Scandal forces reform in China dairy industry

(Associated Press China)

By TINI TRAN


Peering into five pails of foaming milk, Wang Guifeng quickly jotted down the farmer's name before signaling the batch was OK. Every day he rejects milk from two or three farms whose cows don't meet hygiene standards or show signs of disease.

 

The inspections are part of a raft of new safety measures and increased supervision over the Chinese dairy industry in the wake of the country's tainted milk crisis.

 

"They (government regulators) have tightened quality control and the farmers understand that. The farmers know they have to feed their cows well and not give them antibiotics or other things," said the 31-year-old inspector. "Nowadays we're a lot stricter."

 

Milk laced with the industrial chemical melamine has been blamed for the deaths of four babies and for sickening 54,000 others with kidney stones and other illnesses. Some 10,700 children across the country remain hospitalized, according to the Health Ministry.

 

Alarmed by the growing public outcry and international recalls over its tainted dairy products, China's government pledged this week to overhaul the troubled industry by monitoring every link in the supply chain that brings milk from farms to family kitchens.

 

Government testing has shown melamine contamination to be widespread, with one-fifth of the country's dairy companies implicated, including its most reputable names.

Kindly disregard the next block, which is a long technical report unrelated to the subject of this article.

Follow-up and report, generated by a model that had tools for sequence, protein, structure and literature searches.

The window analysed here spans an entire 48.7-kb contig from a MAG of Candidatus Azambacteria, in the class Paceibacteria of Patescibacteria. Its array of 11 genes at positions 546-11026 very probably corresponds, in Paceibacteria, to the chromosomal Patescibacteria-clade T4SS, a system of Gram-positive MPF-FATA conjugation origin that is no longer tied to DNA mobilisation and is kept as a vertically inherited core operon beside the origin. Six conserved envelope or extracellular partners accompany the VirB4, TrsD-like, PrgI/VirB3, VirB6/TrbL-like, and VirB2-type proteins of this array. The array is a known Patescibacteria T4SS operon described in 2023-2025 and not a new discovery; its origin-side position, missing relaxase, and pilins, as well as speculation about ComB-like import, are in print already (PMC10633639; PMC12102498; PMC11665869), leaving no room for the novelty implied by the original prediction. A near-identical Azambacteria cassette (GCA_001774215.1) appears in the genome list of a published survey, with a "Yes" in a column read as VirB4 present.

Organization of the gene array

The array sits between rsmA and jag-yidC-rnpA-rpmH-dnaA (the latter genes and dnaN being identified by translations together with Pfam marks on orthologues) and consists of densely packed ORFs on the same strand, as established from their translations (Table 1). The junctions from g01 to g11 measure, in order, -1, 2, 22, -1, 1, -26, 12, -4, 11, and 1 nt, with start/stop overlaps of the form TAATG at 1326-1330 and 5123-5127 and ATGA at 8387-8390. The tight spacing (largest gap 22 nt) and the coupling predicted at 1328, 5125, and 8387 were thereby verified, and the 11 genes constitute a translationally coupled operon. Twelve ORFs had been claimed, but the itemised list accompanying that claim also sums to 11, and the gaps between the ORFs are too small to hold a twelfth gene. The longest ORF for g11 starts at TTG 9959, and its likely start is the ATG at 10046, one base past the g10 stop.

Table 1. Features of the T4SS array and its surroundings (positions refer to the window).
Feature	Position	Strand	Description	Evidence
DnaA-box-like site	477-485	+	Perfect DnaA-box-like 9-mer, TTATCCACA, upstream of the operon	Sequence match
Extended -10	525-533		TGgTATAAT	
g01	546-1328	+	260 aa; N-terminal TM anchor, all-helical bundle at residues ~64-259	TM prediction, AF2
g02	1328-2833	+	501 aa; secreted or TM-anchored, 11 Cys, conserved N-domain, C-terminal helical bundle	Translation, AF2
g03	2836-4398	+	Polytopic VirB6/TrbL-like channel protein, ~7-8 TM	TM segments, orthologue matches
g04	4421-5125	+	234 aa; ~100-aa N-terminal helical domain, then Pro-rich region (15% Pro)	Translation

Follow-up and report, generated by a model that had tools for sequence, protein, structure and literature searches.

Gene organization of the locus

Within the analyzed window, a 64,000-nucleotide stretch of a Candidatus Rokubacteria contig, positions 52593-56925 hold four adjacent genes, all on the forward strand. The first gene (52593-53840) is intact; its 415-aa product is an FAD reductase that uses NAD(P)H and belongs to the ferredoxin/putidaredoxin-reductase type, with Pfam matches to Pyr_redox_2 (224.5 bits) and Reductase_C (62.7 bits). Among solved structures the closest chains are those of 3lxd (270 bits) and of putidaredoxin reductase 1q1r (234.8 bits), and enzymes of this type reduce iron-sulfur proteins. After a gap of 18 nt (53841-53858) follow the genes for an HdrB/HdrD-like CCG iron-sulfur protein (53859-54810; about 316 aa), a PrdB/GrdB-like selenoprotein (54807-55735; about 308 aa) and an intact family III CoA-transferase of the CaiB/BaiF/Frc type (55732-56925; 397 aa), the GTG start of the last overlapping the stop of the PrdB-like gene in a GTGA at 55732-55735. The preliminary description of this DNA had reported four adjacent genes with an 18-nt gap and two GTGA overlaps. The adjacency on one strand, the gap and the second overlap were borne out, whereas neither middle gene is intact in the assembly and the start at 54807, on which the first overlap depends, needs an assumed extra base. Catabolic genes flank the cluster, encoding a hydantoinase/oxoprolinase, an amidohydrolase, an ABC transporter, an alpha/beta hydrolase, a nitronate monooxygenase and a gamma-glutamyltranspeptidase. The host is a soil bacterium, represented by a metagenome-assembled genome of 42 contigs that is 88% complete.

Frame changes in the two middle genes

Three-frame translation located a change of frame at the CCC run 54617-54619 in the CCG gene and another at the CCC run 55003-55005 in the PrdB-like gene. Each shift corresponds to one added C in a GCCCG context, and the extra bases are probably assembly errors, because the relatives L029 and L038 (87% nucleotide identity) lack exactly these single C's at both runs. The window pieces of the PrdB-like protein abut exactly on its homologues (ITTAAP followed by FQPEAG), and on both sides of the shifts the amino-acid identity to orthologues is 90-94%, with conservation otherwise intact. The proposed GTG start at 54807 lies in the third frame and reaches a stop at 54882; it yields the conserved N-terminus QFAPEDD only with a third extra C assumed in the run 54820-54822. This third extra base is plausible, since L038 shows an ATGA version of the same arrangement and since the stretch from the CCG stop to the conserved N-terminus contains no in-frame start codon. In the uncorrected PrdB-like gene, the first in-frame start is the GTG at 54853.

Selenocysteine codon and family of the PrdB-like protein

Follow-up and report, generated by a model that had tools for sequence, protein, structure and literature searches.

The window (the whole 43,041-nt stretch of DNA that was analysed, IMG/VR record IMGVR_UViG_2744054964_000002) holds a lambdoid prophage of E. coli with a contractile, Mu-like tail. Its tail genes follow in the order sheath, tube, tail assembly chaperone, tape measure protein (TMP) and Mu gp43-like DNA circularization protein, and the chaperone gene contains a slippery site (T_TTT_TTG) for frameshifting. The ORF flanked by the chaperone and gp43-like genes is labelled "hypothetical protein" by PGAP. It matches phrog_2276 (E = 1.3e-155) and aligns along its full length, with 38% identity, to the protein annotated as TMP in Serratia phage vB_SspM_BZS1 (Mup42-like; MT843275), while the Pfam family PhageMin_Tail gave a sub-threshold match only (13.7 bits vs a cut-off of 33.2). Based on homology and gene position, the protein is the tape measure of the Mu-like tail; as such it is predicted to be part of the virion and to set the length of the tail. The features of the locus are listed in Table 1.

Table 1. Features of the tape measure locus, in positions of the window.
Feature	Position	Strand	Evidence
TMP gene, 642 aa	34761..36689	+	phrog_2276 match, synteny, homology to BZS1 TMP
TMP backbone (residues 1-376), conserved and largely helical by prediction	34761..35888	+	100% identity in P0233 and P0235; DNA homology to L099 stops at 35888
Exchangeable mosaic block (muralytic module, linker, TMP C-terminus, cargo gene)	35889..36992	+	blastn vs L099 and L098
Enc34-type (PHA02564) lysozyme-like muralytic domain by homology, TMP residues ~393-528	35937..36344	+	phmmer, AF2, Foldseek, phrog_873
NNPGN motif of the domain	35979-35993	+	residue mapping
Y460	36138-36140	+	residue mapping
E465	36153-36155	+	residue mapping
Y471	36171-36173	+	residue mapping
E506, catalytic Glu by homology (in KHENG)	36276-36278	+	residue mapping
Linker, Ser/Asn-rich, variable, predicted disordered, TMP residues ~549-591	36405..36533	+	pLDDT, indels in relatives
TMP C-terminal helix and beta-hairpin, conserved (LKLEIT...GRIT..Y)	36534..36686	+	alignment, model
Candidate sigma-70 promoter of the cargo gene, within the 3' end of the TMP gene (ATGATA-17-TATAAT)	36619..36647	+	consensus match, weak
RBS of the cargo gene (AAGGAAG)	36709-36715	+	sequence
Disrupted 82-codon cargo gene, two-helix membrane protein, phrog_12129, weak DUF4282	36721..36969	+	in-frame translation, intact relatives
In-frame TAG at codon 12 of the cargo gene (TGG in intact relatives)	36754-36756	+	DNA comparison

Investigators have said milk suppliers, in a bid to increase profits, watered down the milk and then added the chemical to make it appear to meet protein standards. Melamine, like protein, is high in nitrogen, which is what quality tests measure.

 

The new government policies appear to be largely aimed at securing the bottom of the supply chain _ the farms where raw milk is obtained. An estimated 80 percent of all milk comes from small farmers who sell it to milk collection stations, which in turn sell to dairy companies.

 

The reforms are already rippling through this major dairy-producing region in Inner Mongolia, home to China's two largest dairy giants, Mengniu Dairy Group Co. and Yili Industrial Group Co., both of which have been implicated in the scandal. Together the companies control more than half of China's dairy market.

 

The wide grasslands around Hohhot, the provincial capital, are home to hundreds of farmers, many of whom moved here in recent years to cash in on the booming dairy industry. Huge banners advertise the city's desire "to construct the world's milk capital and make an international brand."

 

The latest food safety crisis has hit small farmers the hardest. For a decade, 39-year-old Song Fenmei and her family have lived comfortably off their income as farmers. They own eight cows, who sleep in the front yard of their small home.

 

But since the scandal broke last month, Song has been forced day after day to dump milk the dairy companies will not buy, while still paying for expensive feed for her animals. Farmers have seen no signs of the emergency subsidies promised by the government, she said.